Rivian is one of the most-awaited IPOs this year. While the company filed for an IPO recently, market participants have been speculating about it for months, including its potential valuation. On Oct. 1, Rivian filed an S-1 document with the SEC. As the company inches closer to listing, investors want to know how it might perform in the long term. What is Rivian's stock price prediction for 2025?
Rivian also became the first EV company to start delivering an electric truck commercially. The company started its deliveries in September and beat many competitors, including Tesla. The early reviews for R1T are good. Rivian is expected to start producing the R1S SUV in December.
Rivian’s IPO date, valuation, and other details
The company aims to trade on the Nasdaq under the ticker symbol "RIVN." Rivian hasn't scheduled its IPO or set the terms yet. There are many factors that companies consider before their listing date, including market sentiment. Therefore, it's difficult to assess the timing of its listing. According to Rivian’s IPO documents, the company is seeking a potential valuation of $80 billion.
Rivian has already raised $10.5 billion in funding. It has some high-profile investor backing with the likes of Amazon, Ford, Cox Automotive, Blackrock, Fidelity, and T. Rowe Price. It also has an order from Amazon for more than 100,000 electric vehicles within 10 years. This includes 10,000 vehicles by the end of 2022. As of June 30, Rivian had 48,390 pre-orders for the R1T pickup and R1S SUV.
Rivian doesn’t have any material revenue and is expected to realize its first revenue in the fourth quarter of 2021. However, its net losses widened to $994 million in the first half of 2021 and to more than $1 billion in 2020 from $426 million in 2019. The losses expanded as the company built its factory in Normal, Ill., and it started producing its R1T pickup truck and R1S SUV. The company’s R&D expenses are ramping up and are projected to increase going forward.
Rivian’s strategy and revenue streams
Rivian is also following its biggest competitor, Tesla, in vertical integration. The company is designing, producing, and selling its vehicles on its own. Unlike many new startups that are teaming up with electric charging companies, Rivian is building its own charging stations.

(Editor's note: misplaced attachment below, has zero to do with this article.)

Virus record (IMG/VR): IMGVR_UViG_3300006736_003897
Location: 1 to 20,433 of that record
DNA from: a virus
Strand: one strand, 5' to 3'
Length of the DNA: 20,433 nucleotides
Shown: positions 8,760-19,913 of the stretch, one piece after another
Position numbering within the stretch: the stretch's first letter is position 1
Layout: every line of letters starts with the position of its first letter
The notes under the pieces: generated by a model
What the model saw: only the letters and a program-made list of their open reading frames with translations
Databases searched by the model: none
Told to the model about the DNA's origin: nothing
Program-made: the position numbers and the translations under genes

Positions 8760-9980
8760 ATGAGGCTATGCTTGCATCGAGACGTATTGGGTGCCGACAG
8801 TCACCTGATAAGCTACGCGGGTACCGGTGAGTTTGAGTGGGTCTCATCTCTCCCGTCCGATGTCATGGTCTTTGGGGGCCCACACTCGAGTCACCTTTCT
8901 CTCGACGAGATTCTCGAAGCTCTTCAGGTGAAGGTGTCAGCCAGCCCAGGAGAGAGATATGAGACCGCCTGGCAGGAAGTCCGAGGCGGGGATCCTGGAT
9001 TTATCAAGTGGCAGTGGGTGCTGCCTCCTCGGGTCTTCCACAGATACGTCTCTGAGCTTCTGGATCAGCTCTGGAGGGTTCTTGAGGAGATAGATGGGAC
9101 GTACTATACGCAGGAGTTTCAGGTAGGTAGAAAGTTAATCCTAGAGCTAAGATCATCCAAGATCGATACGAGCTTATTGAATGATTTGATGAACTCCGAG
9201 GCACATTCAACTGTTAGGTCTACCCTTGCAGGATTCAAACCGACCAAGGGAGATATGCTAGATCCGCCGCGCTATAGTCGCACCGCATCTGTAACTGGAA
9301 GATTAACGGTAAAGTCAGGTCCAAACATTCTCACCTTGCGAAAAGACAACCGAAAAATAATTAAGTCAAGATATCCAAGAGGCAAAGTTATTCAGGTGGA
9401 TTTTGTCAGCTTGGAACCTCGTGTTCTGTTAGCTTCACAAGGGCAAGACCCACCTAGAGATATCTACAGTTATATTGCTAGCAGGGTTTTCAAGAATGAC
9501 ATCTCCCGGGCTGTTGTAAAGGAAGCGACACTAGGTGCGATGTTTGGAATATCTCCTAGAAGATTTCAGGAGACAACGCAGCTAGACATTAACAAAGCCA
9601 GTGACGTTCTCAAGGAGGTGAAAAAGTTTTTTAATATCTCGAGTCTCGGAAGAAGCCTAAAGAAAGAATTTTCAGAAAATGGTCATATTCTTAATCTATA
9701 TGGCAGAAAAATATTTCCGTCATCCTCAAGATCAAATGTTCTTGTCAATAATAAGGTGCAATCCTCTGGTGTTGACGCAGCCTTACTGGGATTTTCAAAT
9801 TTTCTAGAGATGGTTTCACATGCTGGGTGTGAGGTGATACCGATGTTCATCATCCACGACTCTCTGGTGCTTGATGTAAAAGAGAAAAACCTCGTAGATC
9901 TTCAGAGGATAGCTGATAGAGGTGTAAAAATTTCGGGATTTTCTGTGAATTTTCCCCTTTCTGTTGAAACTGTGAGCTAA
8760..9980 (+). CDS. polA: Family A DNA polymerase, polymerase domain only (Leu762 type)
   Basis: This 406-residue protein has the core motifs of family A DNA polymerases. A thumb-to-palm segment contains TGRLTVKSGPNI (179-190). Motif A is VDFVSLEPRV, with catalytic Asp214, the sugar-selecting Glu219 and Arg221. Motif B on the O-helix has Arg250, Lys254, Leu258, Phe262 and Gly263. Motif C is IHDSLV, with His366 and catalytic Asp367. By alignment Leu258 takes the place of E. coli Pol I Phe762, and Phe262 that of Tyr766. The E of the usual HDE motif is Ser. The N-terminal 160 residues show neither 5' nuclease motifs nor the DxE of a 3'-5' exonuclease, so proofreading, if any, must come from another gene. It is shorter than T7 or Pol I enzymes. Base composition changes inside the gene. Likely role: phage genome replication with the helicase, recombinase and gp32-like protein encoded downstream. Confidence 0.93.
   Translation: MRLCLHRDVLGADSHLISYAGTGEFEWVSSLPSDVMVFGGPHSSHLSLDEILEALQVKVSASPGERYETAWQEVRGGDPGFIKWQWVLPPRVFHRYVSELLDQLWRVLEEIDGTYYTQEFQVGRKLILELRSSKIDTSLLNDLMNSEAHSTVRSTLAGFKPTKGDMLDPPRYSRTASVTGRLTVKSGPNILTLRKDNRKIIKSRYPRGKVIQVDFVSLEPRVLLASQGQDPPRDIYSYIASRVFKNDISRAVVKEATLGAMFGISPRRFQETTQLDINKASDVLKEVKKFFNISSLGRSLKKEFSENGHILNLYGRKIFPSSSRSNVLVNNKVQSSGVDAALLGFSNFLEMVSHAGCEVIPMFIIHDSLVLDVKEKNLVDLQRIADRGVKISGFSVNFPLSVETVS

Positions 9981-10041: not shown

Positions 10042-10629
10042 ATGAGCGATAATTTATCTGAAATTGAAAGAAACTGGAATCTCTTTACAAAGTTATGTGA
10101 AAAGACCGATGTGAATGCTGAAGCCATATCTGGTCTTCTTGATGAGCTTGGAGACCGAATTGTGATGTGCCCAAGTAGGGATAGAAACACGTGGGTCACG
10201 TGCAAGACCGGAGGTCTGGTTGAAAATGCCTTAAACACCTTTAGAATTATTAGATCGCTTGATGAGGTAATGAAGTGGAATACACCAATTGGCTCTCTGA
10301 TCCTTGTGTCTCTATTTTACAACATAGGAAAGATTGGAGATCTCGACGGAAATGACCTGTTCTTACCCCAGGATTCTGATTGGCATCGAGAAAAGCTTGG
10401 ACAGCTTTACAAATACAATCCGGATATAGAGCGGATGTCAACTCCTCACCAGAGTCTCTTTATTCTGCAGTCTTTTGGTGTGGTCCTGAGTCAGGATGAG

Rivian sees the lifetime revenue opportunity from each vehicle from software services alone to be between $10,000 and $15,500 for the autonomous driving feature. Tesla is also trying to justify a large part of its humongous valuation due to these recurring revenue streams.
Rivian also expects another $8,700 and $3,500 from insurance and financing and service features for each consumer vehicle. Through all these services combined, the company is expecting to make about $68,000 from each vehicle over its lifetime.
Rivian’s 2025 forecast
The only other company that comes close to following Tesla and Rivian’s approach in "doing it all by itself" is Lucid Motors, which went public a few months ago. While the target segments within EV for Rivian and Lucid are quite different, Lucid is the best proxy that we can use to estimate valuation multiples for Rivian, given the similar industry background, stage in business, and business models followed by each.
Currently, Lucid Motors is trading at a price-to-2025 sales multiple of 2.7 times. If we apply a similar multiple to Rivian on a valuation of $80 billion, the company should have sales of $30 billion by 2025. Similarly, the revenue-to-2025 EBITDA multiple for Lucid comes out to be 22 times. To justify a valuation of $80 billion, Rivian will have to deliver an EBITDA of $3.5 billion by 2025, applying Lucid’s multiple. That’s far easier said than done.
Remember how Tesla had to go through production hell as far as execution is concerned? The market might be overestimating Rivian’s prospects currently. It has the potential to challenge Tesla. However, there's still a lot that needs to be done by the company before its proposed valuation starts to make sense from a logical standpoint.